CVS Caremark (NYSE:CVS) is the operator of the retail clinic, MinuteClinic, which offers walk-in health care service, seven days a week without prior appointment. With the number of insured patients expected to increase significantly in 2014, under the provisions of Patient Protection and Affordable Care Act 2011, or Obamacare as it is popularly known, we expect the doctors to be hard pressed attending to patients. The U.S. is already facing an acute shortage of doctors. This should benefit independent clinics such as MinuteClinic, operated by nurse practitioners and physician assistants who utilize recognized protocols to diagnose and treat minor health conditions, perform health screenings, monitor chronic conditions and deliver vaccinations. These practitioners are often licensed to write prescriptions that can be filled at the patient’s pharmacy of choice and to administer immunizations and other vaccines.
Currently, CVS operates about 640 MinuteClinics in comparison to approximately 7,500 of its drugstores. All three of CVS’s revenue stream stand to benefit from the growing popularity of MinuteClinics. As most of these clinics are located within CVS’ drugstores, they have the potential to boost same store sales over the counter sales and might lead to prescription transfers from other drugstores because of the inherent convenience of all the services being available at the same location. Here, we take a detailed look at how MinuteClinic is benefiting CVS’s business.
Retail Clinics As Alternative To High-End Clinics For Minor Illnesses
Retail clinics are fast replacing high-end clinics as the first choice for treatment of minor illnesses. They also help address the growing shortage of primary care physicians by providing convenient access. These clinics are gradually expanding focus beyond acute, everyday ailments to provide wellness services and monitoring of chronic conditions. Additionally, the location of such clinics at large employer campuses such as a automobile manufacturing unit can provide primary-care services that allow employees and families to enjoy the full benefits of a dedicated physician in a convenient setting. The integration of such services with Pharmacy Benefits Management (PBM) plans also makes regular care affordable. Leading pharmacies, CVS and Walgreen have been pushing for such services in the recent past. Comprehensive healthcare service providers like CVS are expected to be the largest beneficiaries after certain provisions of Obamacare take effect in early 2014. An expected 30 million people will gain insurance coverage, and they are expected to turn to affordable healthcare options provided by the likes of CVS.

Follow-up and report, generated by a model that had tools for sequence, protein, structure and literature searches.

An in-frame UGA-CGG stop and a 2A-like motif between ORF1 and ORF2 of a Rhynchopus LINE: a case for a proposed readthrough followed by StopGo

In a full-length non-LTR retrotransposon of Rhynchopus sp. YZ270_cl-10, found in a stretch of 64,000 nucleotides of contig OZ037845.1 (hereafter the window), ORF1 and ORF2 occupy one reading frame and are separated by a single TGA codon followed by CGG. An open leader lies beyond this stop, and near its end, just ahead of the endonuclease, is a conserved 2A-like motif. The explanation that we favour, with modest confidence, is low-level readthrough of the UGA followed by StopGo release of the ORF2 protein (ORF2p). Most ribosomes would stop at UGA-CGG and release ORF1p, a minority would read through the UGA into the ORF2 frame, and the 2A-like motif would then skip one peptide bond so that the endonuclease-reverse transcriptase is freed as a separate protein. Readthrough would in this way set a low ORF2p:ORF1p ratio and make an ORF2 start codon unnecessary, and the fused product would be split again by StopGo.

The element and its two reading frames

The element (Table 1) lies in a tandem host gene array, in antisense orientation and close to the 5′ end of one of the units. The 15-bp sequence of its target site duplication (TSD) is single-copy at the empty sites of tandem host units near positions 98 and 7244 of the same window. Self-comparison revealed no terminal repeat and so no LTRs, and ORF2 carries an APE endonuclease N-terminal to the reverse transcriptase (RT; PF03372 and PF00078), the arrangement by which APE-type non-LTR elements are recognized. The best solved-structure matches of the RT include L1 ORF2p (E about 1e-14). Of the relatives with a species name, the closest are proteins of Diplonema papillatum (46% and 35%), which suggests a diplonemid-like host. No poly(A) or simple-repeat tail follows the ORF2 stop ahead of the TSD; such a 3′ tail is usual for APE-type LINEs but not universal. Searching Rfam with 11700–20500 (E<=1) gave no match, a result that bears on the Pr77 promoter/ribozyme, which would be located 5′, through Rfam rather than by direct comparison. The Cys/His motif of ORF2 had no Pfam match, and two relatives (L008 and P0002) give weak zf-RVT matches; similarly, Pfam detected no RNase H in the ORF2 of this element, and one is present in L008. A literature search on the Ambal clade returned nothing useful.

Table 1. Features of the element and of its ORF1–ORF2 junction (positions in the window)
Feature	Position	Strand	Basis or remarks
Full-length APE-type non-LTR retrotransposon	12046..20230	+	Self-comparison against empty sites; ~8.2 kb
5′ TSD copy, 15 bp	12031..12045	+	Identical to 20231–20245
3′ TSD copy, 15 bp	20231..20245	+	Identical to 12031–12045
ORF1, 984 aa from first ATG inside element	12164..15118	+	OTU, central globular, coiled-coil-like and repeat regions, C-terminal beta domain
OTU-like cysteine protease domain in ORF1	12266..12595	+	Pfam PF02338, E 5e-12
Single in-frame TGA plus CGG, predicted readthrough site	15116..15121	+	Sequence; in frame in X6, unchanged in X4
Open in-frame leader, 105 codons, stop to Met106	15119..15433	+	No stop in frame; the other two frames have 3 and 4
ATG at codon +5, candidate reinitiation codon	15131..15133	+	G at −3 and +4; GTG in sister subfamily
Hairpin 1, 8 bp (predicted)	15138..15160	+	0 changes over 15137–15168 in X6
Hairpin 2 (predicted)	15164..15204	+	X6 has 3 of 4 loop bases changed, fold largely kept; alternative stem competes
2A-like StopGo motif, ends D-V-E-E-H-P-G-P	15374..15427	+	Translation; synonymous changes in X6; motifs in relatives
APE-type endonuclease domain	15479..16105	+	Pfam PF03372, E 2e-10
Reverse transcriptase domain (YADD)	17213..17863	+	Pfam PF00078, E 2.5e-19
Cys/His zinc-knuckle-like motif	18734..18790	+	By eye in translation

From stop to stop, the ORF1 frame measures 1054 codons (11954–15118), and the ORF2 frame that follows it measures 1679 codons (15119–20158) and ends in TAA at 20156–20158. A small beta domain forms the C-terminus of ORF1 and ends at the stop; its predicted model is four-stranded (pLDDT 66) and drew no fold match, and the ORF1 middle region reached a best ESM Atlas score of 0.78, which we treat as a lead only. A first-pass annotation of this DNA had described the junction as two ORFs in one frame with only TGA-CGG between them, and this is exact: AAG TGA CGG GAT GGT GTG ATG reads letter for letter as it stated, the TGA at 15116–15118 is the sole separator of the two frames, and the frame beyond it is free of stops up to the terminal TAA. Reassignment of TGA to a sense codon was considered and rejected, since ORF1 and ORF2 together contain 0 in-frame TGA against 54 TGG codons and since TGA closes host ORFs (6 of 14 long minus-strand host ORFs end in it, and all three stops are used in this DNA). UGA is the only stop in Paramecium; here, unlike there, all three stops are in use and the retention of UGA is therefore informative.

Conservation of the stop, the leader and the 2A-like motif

MinuteClinc – One Of The Biggest Fish In The Tank
CVS plans to operate about 1,000 clinics by 2016, and is well in line to achieve the target. It currently operates about 640 clinics across 25 states, which are manned by about 26,000 nurse practitioners and physician assistants. The company plans to open another 150 clinics in 2013, ending 2013 with about 800 clinics. CVS’s biggest competitive advantage lies in the integration of its Pharmacy Benefits Management and pharmacy services. The combination provides for a quick and affordable service, and has resulted in the clinics providing care to more than 10 million patients in the past five years.
Besides relying on its own PBM service, the company has also been tying up with other similar services to extend the reach of Minute Clinic. These tie-ups include both clinical and information system collaboration. The initiatives had positive results in the fourth quarter of 2012. The company reported that on a comparable basis sales were up more than 38%. The epidemic level of flu this year could see the growth accelerate in Q1 2013. 
Competition Has A Lot Of Ground To Cover
MinuteClinic’s primary competitors are Take Care Clinics operated by Walgreen from within its drugstores and similar clinics by Wal-Mart and Target. While MinuteClinic operates at about 630 locations, Take Care clinics operate at about 360 locations (as of August 31, 2012) and Wal-Mart at about 130.  The wide reach of CVS’s clinics vis-a-vis other clinics gives it a big head start in the battle for new prescriptions resulting from Obamacare in 2014.
Also, the company enjoys the advantage of wide operation scale which can result in significantly lower costs for customers. In its 2011 annual report, the company mentions a RAND study that found the cost of MinuteClinic services compared to physicians’ offices, urgent care, and emergency rooms was 40 to 80% lower than the other sites of care. Additionally, MinuteClinic users had 8% lower overall health care costs and their emergency room expenses were 12% lower. We believe that the considerable difference in prices are a result of the scale of operations and will support CVS’s case when these newly insured people make a choice between services.
We currently have a $53 Trefis price estimate for CVS Caremark stock, which is in line with the current market price.
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- Flu reaches epidemic level in U.S., says CDC, Reuters, January 2013 [↩]
- Wal-Mart Clinics Trail CVS Reaping 39% Growth: Retail, Bloomberg, February 2012 [↩]